Hereditary spastic paraplegias (HSP) are a rare group of inherited neurodegenerative diseases which mainly affect the longest axons of the corticospinal tract and the dorsal column (which supply the lower limbs). HSP is caused by defects in genes which code for proteins essential for fast axonal neurotransmission. HSP can affect any age group. Patients present with upper motor neuron palsy of bilateral lower limbs, gait abnormalities, and urinary urgency/urge incontinence. Dorsal column dysfunction is usually mild. Additional neurological features such as epilepsy, peripheral neuropathy, or cerebellar signs may be present (complicated HSP). Diagnosis is mainly clinical. MRI of the spinal cord may demonstrate spinal cord atrophy. Treatment is mainly supportive, with skeletal muscle relaxants, botulinum toxin, and physiotherapy for muscle spasticity. HSP may be nonprogressive (childhood-onset) or progressive (adult-onset). Patients with progressive HSP are often wheelchair-bound by the age of 70 years. Patients with HSP have a normal life-expectancy.
- Incidence: < 10 per 100,000 general population 
- Age of onset: variable (from early childhood till the 8th decade of life)
Epidemiological data refers to the US, unless otherwise specified.
- Genetic defect
- Autosomal dominant (most common)
- Autosomal recessive
- X-linked inheritance
- Sporadic mutations
- Defect in genes required for normal (fast) neurotransmission in the axons → degeneration mainly of the long axons
- Primarily affects the longest axons of the corticospinal tract and the dorsal column → progressive upper motor neuron paralysis and dorsal column dysfunction symptoms in the lower limbs
Pure HSP (Uncomplicated HSP)
Pure HSP is characterized by an insidious onset and slow progression of the following symptoms
Upper motor neuron paralysis of bilateral lower limbs
- Spasticity/hypertonicity → contractures
- Decreased muscle strength
- Gait abnormalities: delayed initiation of walking (childhood onset HSP); scissor gait (late onset HSP)
- Brisk deep tendon reflexes; extensor plantar reflex (Babinski sign)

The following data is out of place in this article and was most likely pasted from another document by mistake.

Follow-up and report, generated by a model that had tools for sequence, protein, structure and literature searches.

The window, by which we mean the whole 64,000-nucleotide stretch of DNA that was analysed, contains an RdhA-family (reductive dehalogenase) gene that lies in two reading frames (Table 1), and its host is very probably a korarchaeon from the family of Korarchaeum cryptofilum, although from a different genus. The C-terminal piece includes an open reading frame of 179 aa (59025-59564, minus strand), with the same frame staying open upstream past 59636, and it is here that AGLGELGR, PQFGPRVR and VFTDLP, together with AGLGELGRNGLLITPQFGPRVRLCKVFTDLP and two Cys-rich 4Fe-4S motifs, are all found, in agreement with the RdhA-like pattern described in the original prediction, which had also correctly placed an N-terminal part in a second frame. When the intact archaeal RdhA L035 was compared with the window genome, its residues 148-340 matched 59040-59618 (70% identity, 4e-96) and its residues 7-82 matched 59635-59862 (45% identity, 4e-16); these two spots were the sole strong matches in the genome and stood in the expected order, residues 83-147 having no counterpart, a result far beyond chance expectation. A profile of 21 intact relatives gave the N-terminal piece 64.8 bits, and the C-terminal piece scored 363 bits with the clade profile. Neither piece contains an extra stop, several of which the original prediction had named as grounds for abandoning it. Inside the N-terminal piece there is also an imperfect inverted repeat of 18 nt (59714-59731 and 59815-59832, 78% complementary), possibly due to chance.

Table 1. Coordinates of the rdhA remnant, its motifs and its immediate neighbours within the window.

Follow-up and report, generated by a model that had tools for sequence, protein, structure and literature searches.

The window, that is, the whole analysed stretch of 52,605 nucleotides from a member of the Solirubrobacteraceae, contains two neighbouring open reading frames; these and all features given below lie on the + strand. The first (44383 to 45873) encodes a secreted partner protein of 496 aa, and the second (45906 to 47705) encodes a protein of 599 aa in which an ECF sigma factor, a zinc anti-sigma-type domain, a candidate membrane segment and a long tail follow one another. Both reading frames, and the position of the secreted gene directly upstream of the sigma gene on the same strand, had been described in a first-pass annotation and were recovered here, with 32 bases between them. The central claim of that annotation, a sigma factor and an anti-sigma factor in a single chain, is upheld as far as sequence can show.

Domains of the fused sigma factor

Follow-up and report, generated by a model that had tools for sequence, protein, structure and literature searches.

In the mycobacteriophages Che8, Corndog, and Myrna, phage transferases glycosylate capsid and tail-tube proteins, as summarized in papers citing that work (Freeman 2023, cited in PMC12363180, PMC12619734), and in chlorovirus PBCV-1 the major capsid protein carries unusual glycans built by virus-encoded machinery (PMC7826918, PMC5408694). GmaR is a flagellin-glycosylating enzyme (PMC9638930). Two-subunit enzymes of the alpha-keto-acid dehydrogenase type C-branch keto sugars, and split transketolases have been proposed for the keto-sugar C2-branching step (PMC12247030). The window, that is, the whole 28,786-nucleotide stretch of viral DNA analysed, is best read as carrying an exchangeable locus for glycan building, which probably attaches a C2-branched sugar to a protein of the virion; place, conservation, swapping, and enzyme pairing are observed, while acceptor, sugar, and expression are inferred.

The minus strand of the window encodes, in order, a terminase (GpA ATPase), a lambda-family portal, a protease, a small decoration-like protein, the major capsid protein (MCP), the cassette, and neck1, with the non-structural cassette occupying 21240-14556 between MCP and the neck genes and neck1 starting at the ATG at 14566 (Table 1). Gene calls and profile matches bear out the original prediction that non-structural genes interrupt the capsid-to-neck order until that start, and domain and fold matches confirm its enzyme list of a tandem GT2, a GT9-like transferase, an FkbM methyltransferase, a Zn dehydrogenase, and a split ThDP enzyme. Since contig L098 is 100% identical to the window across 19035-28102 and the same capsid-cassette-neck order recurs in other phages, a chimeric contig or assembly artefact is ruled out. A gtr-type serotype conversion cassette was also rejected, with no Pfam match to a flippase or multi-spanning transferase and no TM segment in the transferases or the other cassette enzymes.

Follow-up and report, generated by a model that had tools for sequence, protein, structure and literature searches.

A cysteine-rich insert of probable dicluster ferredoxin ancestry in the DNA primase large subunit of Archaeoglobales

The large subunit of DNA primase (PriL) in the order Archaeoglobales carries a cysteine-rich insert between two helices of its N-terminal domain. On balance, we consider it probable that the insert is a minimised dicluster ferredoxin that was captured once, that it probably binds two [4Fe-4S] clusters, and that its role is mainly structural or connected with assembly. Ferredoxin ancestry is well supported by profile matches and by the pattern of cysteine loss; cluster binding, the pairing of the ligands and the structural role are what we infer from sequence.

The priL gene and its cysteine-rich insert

- Dorsal column dysfunction in bilateral lower limbs (usually mild; only detected on examination): decreased/loss of vibration sense, 2-point discrimination sense, and position sense
- Urinary urgency and urge incontinence
Patients with complicated HSP have all the features of pure HSP as well as additional neurological features, such as:
- Epilepsy, intellectual disability, dementia
- Cerebellar or extrapyramidal symptoms
- Peripheral neuropathy
- Loss of vision
The diagnosis of HSP is based on a positive family history, characteristic clinical features, and the exclusion of other neurological conditions.
- MRI of the brain and spinal cord: mild atrophy of the cervical and thoracic spinal cord in pure HSP
- Nerve conduction studies and electromyography: may be normal or show mild motor neuropathy
- Motor evoked potentials: decreased or absent in bilateral lower limbs (based on severity of paralysis)
- Molecular genetic testing: to differentiate HSP from other inherited ataxias (spinocerebellar ataxia or Friedreich ataxia)
- Vitamin B12 levels should be checked; HIV and syphilis testing should also be performed to rule out these conditions.
Lumbar puncture and CSF analysis are usually normal.
|Childhood-onset HSP||Adult-onset HSP|
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The differential diagnoses listed here are not exhaustive.
- There is no known cure for HSP.
- Supportive therapy (for spasticity)
- Skeletal muscle relaxants or botulinum toxin
- Orthotic braces, canes, or crutches as required
- Physiotherapy: passive stretching and exercises to avoid the development of contractures, maintain flexibility
- Anticholinergics (e.g., oxybutynin, hyoscyamine) for treatment of urinary urgency
- Prognosis depends on the age of onset.
- Early onset HSP (in childhood): may be nonprogressive; most patients remain ambulant
- Late onset: progressive; most patients will require wheelchairs by age 70
- Life-expectancy: normal